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Fantasy Baseball Standout Performers – Week 2 (4/11-4/17)

As we head into Week 3 of the MLB season, we get some hot starts to get excited about. Of course, overreacting this early in the season is crazy talk, but digging into some hot weeks is a way to find some fantasy gems.

In this weekly article, I will look to highlight some hot weeks of production, dig into the underlying metrics, and help determine if we should be in or out on these streaks. The goal will be finding some hidden gems or lower rostered players that you can add to your fantasy teams before your league mates catch on. Of course, there will be the occasional, no duh, player (like Suzuki this week), but overall I will look to highlight some lower rostered players to keep an eye on or add to your fantasy teams.

Week 2 Standout Performers

Seiya Suzuki (OF – CHC)

There is always a slight concern that it may take time for players to adjust as they come to the MLB from Japan, but Suzuki has proven those doubters wrong. He hit safely in eight of the first nine games, suitable for a .400 batting average. In addition, the power production has been great, with four home runs, a .560 ISO, and a 1.503 OPS. Of course, we know those numbers are not sustainable, but Suzuki’s overall production can be substantial.

The power is excellent, but Suzuki’s plate discipline shows me confidence for the rest of the season. He walks 25.7% to start the season with a 90.3% Z-contact rate and a 4.8% SwStr. Suzuki hit for power, stole a few bases, and had a strong batting average in Japan. So far, so good with the Cubs. His contact quality (35.3% barrel, 47.1% hard-hit) and plate discipline are elite. The Summer of Suzuki should be a blast, and the Cubs fans sticking out this fire sale are in for a major treat.

Owen Miller (1B/2B – CLE)

Miller entered the season as more of a utility player than an everyday player, but a slow start from Bobby Bradley and a hot start from Miller led to a regular role. Miller has started seven straight games, hitting safely for a .500 batting average in six games. Unfortunately, that batting average comes with a .545 BABIP, 8.3% barrel rate, and 50% hard-hit rate, which is not sustainable.

Some regression is coming for Miller, but just how much is the question. He has never been a significant power and speed source in the minors, so the nine extra-base hits, including two home runs this past week, are well ahead of Miller’s expected production. On the positive, Miller is only striking out 15.2% of the time, which is in line with his early minor league production and not his 2021 production between Triple-A and the bigs.

Miller should play enough to have some fantasy relevance, but there are definite avenues for failure. If Miller begins to slump, we could see more time for Andres Gimenez at second base. Josh Naylor has also returned, which has already taken away some playing time from Miller at first base. Miller’s positional eligibility is fantastic, but the playing time and overall production are tricky. For now, Miller is a deeper league add, but be prepared for the fun to end. I hope I am wrong, but Miller has not showcased the skills to take a giant enough leap for fantasy greatness.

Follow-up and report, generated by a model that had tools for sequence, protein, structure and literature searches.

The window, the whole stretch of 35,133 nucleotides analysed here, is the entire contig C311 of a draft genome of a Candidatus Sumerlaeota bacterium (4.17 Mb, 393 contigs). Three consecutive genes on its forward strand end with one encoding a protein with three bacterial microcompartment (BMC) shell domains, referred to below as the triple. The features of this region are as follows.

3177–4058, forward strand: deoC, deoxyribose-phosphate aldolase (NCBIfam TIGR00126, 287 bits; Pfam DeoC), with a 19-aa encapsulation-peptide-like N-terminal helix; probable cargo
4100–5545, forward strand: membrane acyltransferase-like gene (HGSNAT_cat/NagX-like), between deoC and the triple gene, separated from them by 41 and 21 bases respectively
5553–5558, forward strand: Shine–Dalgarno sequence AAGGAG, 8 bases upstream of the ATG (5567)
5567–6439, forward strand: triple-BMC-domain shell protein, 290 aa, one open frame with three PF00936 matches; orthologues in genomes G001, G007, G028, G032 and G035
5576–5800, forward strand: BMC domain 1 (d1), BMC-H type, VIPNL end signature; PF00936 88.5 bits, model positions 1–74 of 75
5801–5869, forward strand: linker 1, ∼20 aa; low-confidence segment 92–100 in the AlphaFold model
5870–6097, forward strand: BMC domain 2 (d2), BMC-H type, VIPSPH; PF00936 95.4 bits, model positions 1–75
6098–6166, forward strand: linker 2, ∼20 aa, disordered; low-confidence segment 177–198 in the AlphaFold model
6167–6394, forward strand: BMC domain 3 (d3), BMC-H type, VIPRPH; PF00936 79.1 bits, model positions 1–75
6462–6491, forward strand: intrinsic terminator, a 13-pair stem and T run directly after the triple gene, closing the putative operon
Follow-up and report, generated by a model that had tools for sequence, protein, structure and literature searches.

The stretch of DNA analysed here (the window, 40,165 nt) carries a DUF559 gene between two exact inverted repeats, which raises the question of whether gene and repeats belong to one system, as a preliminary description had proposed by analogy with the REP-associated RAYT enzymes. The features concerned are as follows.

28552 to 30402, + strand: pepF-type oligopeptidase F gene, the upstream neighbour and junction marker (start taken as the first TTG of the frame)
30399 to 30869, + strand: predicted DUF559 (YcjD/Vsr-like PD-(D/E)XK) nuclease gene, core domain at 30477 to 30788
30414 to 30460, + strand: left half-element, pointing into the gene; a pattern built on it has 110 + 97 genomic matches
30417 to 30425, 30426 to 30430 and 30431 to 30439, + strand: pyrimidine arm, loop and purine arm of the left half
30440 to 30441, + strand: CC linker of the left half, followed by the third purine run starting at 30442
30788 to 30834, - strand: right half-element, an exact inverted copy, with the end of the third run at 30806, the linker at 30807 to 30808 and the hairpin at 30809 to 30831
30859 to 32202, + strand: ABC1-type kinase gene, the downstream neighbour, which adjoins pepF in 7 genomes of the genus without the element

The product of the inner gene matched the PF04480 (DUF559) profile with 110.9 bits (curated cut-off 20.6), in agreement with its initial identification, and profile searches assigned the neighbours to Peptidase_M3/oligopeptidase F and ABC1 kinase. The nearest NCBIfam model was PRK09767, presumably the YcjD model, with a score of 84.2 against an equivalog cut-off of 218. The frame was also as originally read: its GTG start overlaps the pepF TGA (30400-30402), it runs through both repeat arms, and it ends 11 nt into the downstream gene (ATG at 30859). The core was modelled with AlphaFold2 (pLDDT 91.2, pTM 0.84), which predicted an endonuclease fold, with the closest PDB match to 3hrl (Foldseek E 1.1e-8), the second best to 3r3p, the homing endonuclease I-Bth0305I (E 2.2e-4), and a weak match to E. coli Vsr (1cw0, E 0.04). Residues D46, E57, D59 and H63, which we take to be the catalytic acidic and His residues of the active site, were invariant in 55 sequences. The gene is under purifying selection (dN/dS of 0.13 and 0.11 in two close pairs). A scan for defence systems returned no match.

Ji-Man Choi

Choi has started seven of nine games to start the season and has raked. He has hit safely in six games, suitable for a .455 batting average, with two home runs. Choi is barreling the ball 26.7% of the time with a 66.7% hard-hit rate. The contact quality to go with a .615 BABIP is not sustainable, but some quality deep league production could be in store. Choi walked 29% of the time to start the season and in his career has walked 11-13% of the time, which is excellent for those OBP skills.

Choi has always showcased power upside throughout his career, but playing time and health have been his downside. For now, Choi is hitting and hitting a lot. He is the perfect streaming option in 12- and 15-team leagues when the upcoming schedule is favorable. He will likely sit versus LHP, but in a week where the Rays play mainly RHP, grab Choi where you need a 1B, CI, or U fill in.

Jesus Sanchez

The Jesus Sanchez coming-out party has been outstanding to start the season. He has hit safely in six of eight games, with multiple hits in five games. Sanchez’s contact quality includes a 10.3% barrel rate and 44.8% hard-hit rate, which I like seeing. Many of these standouts have insane barrel and hard contact rates, so a sustainable set of rates from Sanchez is nice.

The challenging part of trusting Sanchez is the strikeout rate. He is only striking out 16.7% of the time, which is down a lot from his 31.1% from last season and his near 37% the previous season. However, Sanchez’s O-contact and overall contact rates are greatly improved early this season. If that sustains, we could be in for a monster 2022 season. Regardless, I would pay to find out. He is likely already added in most leagues, but run to the waiver wire and add him to your team if he is available.

Gavin Lux

We may finally get the Gavin Lux season that many prospect analysts have clamored for. Playing time was a concern entering the season, but the late trade of AJ Pollock helped ease that concern. Lux has responded by hitting .320 in the first week with three extra-base hits and two stolen bases. In addition, he is mashing the ball with a 15% barrel rate and a 65% hard-hit rate, which has aided his .368 BABIP.

Lux always had a hit tool, but his early production’s most significant question mark is the plate discipline. Lux is walking 21.2% with an 18.2% strikeout rate. He is only swinging outside the zone 13.2% of the time, which is not bad, but he has a 100% O-contact which is not sustainable. Lux should be productive with the regular playing time, but the big question is how effective. If he is available in your leagues, grab him and enjoy the ride.

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